Growth of the protozoan parasite Entamoeba histolytica in 5-azacytidine has limited effects on parasite gene expression
1 Department of Microbiology and Immunology, Stanford University School of Medicine, Stanford, California, 94305-5107, USA
2 Department of Internal Medicine and Division of Infectious Diseases, Stanford University School of Medicine, Stanford, California, 94305-5107, USA
3 Department of Medicine, Division of Infectious Diseases, S-143 Grant Building, 300 Pasteur Drive, Stanford, CA, 94305-5107, USA
BMC Genomics 2007, 8:7 doi:10.1186/1471-2164-8-7Published: 5 January 2007
In higher eukaryotes DNA methylation regulates important biological functions including silencing of gene expression and protection from adverse effects of retrotransposons. In the protozoan parasite Entamoeba histolytica, a DNA methyltransferase has been identified and treatment with 5-azacytidine (5-AzaC), a potent inhibitor of DNA methyltransferase, has been reported to attenuate parasite virulence. However, the overall extent of DNA methylation and its subsequent effects on global gene expression in this parasite are currently unknown.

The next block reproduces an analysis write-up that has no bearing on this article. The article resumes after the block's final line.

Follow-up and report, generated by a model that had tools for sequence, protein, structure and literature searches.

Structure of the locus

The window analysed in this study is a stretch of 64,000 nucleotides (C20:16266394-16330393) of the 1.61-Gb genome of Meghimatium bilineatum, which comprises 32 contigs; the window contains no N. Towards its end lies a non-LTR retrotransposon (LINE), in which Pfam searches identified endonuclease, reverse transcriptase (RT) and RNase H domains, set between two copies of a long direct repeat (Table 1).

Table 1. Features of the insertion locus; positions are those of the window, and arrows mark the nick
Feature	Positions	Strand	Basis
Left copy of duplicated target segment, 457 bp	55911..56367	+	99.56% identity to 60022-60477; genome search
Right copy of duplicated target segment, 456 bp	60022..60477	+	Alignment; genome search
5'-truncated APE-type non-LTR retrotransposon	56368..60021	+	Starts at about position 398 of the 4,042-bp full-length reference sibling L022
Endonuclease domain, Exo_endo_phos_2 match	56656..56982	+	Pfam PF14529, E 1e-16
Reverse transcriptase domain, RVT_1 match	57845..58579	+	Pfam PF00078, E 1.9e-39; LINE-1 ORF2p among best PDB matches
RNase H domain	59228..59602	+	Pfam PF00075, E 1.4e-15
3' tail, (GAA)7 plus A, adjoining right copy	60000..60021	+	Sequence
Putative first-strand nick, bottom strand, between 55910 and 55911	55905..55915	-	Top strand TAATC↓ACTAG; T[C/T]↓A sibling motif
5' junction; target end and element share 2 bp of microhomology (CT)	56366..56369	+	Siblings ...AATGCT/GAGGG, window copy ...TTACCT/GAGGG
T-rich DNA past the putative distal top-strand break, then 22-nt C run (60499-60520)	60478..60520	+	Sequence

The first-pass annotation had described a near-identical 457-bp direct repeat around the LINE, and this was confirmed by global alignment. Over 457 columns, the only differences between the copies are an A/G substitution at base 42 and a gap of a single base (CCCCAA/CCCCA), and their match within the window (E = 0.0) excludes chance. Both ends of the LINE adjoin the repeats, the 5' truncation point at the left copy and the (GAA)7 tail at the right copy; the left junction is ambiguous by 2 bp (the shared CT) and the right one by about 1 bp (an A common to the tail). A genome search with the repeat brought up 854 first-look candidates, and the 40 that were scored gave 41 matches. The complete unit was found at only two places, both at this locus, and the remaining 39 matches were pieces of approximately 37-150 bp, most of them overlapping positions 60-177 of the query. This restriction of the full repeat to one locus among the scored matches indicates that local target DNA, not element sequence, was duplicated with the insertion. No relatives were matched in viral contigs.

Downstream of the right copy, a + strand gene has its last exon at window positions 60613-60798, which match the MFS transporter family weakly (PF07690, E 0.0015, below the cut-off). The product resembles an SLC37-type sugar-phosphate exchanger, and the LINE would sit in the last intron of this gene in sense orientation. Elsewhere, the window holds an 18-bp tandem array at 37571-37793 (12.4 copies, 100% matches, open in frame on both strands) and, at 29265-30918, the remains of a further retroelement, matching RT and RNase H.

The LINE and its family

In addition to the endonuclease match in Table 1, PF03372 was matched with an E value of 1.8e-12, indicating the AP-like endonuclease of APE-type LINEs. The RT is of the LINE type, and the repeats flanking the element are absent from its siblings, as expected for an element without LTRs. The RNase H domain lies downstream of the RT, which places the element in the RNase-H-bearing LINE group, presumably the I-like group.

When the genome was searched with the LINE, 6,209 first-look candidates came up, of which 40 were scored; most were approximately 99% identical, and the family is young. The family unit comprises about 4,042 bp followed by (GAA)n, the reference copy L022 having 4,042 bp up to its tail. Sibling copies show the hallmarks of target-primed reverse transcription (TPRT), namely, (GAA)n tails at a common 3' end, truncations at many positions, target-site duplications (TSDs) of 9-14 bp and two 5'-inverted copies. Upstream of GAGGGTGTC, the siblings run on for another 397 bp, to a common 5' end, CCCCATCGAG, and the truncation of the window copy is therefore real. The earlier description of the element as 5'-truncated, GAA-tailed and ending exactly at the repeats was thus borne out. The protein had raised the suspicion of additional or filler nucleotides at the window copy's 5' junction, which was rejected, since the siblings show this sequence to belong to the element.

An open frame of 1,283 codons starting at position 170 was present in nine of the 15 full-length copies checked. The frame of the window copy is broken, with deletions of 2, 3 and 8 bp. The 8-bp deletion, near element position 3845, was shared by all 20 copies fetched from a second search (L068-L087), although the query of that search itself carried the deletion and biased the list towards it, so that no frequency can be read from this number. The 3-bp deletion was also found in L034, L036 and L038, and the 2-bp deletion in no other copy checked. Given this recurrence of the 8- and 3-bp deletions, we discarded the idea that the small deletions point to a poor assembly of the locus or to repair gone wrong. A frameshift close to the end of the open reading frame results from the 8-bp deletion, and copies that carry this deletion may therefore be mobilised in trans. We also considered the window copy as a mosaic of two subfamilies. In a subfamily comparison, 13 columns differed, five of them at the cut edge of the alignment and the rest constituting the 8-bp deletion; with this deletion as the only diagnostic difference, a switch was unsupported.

In order to identify the genome-wide effects of DNA methylation in E. histolytica, we used a short oligonucleotide microarray representing 9,435 genes (~95% of all annotated amebic genes) and compared the expression profile of E. histolytica HM-1:IMSS parasites with those treated with 23 μM 5-AzaC for up to one week. Overall, 2.1% of genes tested were transcriptionally modulated under these conditions. 68 genes were upregulated and 131 genes down regulated (2-fold change; p-value < 0.05). Sodium-bisulfite treatment and sequencing of genes indicated that there were at least two subsets of genes with genomic DNA methylation in E. histolytica: (i) genes that were endogenously silenced by genomic DNA methylation and for which 5-AzaC treatment induced transcriptional de-repression, and (ii) genes that have genomic DNA methylation, but which were not endogenously silenced by the methylation. We identified among the genes down regulated by 5-AzaC treatment a cysteine proteinase (2.m00545) and lysozyme (52.m00148) both of which have known roles in amebic pathogenesis. Decreased expression of these genes in the 5-AzaC treated E. histolytica may account in part for the parasites reduced cytolytic abilities.
This work represents the first genome-wide analysis of DNA-methylation in Entamoeba histolytica and indicates that DNA methylation has relatively limited effects on gene expression in this parasite.